Come August, and there’ll be one more—a massive, silent rally in Mumbai’s Azad Maidan, the 58th running under that banner. Through the second half of 2016 and spilling over, lakhs of young boys and girls have marched silently with placards in their hands, dressed in black, all over Maharashtra. The Maratha Kranti Morcha protests had three demands: justice in the barbaric Kopardi rape case (where, in an inversion of usual narratives, the guilty were Dalits and the victim was a minor Maratha girl); reservations for Marathas; and abolition of the SC/ST Atrocities Act. Today, all three are live, hot-button themes. But more than that, the whole phenomenon taps into something more: a raw, deep anger, a disquiet.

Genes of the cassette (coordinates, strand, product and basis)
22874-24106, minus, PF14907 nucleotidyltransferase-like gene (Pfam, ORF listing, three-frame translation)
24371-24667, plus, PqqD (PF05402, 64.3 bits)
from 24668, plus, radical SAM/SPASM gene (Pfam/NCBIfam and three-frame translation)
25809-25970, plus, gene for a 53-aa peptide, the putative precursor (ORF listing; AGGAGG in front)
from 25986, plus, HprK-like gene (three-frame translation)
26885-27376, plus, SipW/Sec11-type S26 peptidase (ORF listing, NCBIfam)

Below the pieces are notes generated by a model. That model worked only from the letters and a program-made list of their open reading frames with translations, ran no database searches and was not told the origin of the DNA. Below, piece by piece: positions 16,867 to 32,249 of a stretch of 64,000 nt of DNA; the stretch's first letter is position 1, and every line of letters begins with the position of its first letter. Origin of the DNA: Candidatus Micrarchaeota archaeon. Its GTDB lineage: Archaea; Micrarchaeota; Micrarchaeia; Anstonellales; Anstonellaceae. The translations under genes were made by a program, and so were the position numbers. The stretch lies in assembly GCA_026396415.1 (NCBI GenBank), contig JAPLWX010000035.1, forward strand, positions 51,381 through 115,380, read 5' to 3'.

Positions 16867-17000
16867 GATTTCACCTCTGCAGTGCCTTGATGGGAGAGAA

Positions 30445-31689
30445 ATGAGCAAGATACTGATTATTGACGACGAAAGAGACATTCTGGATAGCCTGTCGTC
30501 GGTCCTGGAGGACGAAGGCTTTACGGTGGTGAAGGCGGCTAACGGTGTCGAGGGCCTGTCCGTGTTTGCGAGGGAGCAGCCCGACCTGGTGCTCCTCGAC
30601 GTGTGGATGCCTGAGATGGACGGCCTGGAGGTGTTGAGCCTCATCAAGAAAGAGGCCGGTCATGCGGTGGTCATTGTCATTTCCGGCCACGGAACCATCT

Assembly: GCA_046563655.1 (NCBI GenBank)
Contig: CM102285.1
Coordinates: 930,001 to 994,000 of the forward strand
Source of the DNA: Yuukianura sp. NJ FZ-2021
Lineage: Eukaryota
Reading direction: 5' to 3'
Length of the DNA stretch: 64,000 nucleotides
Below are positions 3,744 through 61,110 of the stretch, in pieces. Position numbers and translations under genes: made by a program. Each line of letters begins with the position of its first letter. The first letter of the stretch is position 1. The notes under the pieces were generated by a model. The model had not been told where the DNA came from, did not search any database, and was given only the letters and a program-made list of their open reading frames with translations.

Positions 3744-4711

Anyone would have noticed: it’s been an unusually rich harvest of agitations for Maharashtra of late. Anger seems to be growing in abundance in those parched fields. Frequent protests, of all shapes and sizes, have become the norm—almost as if, together, they manifest some collective deficit in the lives of people. Count the numerous Maratha morchas, the sangharsha yatra of farmers, Dalit protests opposing violence at Bhima Koregaon, protests after the Elphinstone Road railway tragedy, protests by railway apprentice and MPSC aspirants, by anganwadi workers, by students at the Tata Institute of Social Sciences (TISS), and now the latest, the Kisan Long March that caught the nation’s eyes. It’s striking how they sometimes overlap, sometimes compete, and always seem to straddle economics and politics—how unmet promises on the MSP, for instance, may fuel an assertion of caste identity.